Trans-Chinese Sensibilities:


Explorations into the Culture of Everyday Life in the Form of a Random Essay


Leo Ou-fan Lee


What do I mean if I choose to use the term cultural sensibilities? The term seems rather old-fashioned: any reference to words like sensibility reminds a Western reader of Jane Austin and 18th- century English aristocracy. But the phrase culturally sensitive, on the other hand, is considered alright in everyday language and even appropriate in a multicultural society in which members of the liberal majority are supposed to treat minorities with such an attitude. Yet how can you be culturally sensitive if you dont really know much about the culture you wish to be sensitive about--and, more importantly, if you do not have what Benjamin Lee calls embodied sensibilities of that culture? And given the prominence of "body" in current theory, how does one "embody" different cultural sensibilities, even at a theoretical level? How to negotiate one's way across boundaries of different cultures in one "setting"? It seems that current debates on multiculturalism in the American academy tends to situate itself, naturally, against the multicultural--that is, multi-racial and multi-ethnic--background of American society, in which the politics being played out is that of identity based on race and gender, to the extent that culture, as soemthing other than ethnicity, has been either collapsed or short-changed. The problem with identity politics is that in its insistence on solidarity within and resistance and confrontation without, it leaves out the possibility of meaningful dialogue. [On the other hand, if one adopts a dialogical model, does one have to assume a certain fundamental common-denominator, such as a degree of rationality in Habermas's "communicative action" or Eyster's "rational choice" theories? Or in a civic religion sense, a certain common "habit of the heart"? Most of these models, it seems to me, are based on data drawn from European and American societies. In Asia, the only prevalent model remains that of Confucianism underlying the "four dragons" economic model. Needless to add, Huntington's "conflict of civilizations" is but a negative version of the same, now rendered in melodramatic proportions as prophecy.]


I am not a theorist, nor do I believe that theory, however profound, provides necessarily an understanding of "reality." The empirical reality I am concerned with is that part of Asia and the so-called Pacific Rim where the populations are largely of Chinese descent and where the prevalent written language is Chinese. I refer specificaly to the contemporary societies of Mainland China, Taiwan, Hong Kong, Singapore, and the Chinese communities in Northern America. The starting point of my inquiry is the assumption that despite their Chinese origins these societies have become truly "multicultural" and "international." How does one negotiate ones way across such cultural boundaries in this "pan-Chinese" public sphere? In fact, being Chinese has become increasingly more problematic: in Taiwan, a new native and indeed national identity is being forged, whereas in Singapore the new national identity is proclaimed in multiracial terms although the official ideology is still buttressed with Chinese Confucianism. In China, regional identities, especially in southern provinces, are becoming stronger in tacit opposition to the "official hegemony" of Beijing. Only in Hong Kong, perhaps, does one find a clamor of native identity since the 1970s that is neither nationalist nor ethnic and racial. All of these trends represent a far cry from the identity politics of American minority groups.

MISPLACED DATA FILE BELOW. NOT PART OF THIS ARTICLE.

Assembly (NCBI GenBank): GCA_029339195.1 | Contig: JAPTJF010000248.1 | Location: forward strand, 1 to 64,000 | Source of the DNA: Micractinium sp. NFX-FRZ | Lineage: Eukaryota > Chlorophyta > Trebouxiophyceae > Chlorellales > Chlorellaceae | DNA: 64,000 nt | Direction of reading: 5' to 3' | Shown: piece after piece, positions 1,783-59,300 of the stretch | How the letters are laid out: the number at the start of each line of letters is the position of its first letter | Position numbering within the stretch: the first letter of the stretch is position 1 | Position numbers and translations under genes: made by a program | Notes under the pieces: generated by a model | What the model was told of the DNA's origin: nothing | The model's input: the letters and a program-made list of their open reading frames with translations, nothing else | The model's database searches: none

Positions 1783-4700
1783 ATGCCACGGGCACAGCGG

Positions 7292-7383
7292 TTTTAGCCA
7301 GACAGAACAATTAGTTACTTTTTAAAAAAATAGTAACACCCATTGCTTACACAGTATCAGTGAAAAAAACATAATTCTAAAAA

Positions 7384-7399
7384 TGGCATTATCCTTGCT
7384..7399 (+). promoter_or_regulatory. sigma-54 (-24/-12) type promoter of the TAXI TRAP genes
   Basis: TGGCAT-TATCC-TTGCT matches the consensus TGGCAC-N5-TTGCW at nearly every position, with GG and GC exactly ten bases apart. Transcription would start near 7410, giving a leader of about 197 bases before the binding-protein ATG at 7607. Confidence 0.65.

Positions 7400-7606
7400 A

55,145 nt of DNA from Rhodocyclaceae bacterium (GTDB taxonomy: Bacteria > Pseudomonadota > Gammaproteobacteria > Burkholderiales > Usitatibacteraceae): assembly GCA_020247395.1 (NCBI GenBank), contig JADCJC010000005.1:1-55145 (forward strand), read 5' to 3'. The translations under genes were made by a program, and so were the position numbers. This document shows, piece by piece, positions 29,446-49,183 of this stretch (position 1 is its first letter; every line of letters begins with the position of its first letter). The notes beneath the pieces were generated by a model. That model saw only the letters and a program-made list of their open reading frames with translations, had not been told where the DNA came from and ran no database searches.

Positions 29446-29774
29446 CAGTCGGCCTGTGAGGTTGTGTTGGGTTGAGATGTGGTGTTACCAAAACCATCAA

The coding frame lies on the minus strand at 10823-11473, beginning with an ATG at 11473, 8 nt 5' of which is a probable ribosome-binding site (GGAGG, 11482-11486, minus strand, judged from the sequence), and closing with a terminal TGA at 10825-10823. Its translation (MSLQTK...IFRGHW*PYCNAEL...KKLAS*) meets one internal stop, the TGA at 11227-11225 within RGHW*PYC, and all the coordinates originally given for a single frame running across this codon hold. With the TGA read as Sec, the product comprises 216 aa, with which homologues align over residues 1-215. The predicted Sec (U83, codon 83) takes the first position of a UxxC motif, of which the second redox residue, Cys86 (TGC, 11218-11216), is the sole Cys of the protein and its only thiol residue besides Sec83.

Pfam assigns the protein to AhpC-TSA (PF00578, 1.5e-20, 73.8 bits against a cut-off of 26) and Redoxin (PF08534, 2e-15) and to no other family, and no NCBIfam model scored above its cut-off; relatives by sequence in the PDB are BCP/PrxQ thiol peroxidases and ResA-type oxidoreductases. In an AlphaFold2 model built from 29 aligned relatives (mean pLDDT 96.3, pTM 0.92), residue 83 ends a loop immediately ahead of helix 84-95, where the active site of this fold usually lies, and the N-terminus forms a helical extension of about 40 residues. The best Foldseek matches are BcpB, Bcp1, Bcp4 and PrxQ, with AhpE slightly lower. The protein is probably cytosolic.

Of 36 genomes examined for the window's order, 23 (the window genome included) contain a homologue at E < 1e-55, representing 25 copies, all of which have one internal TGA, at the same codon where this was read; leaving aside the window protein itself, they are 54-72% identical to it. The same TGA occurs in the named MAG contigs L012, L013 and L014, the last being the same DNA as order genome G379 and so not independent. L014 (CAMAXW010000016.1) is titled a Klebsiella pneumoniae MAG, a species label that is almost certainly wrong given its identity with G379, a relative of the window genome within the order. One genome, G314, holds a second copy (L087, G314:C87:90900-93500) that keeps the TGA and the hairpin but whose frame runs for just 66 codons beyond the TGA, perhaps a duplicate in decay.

On top it all, there are the Chinese communities in north America. I am not necessarily speaking of the Chinatown population, which has been subject of extensive attention among scholars in Asian-American studies. Rather I refer to the more affluent suburban towns such as Montery Park in Los Angeles and enclaves of recent Chinese immigrants in Orange County, the Hong kong immigrants in Toronto and Vancouver, and the the PRC student population in New York and college towns elsewhere. This is a new phenomenon of Chinese "diasporas" where the links with their separate homelands are reinforced on a daily basis by frequent airline traffic and long-distance communication via phone, fax, and computer across the Pacific ocean. Their "politics" is also of a totally different sort--as different in one diaspora from another --and certainly different from the preoccupatin with race and gender in American identity politics.


With the dialogical model in mind, I would like to approach the amorphous issue of cultural sensibilites from a few angles other than race and gender. The "data" is drawn largely from personal observation, which by definition may be suspect to social scientists.




One of the most obvious features in American multiuculturalism is the domination of the major language, English, against which some ethnic minorities (Hispanics in particular), claim their cultural inheritance by way of advocating bilingual education. In the pan-Chinese sphere, it would seem, the obvious majority language is still Chinese, even in diaspora communities. But this language picture is more complicated. Let me try to unravel.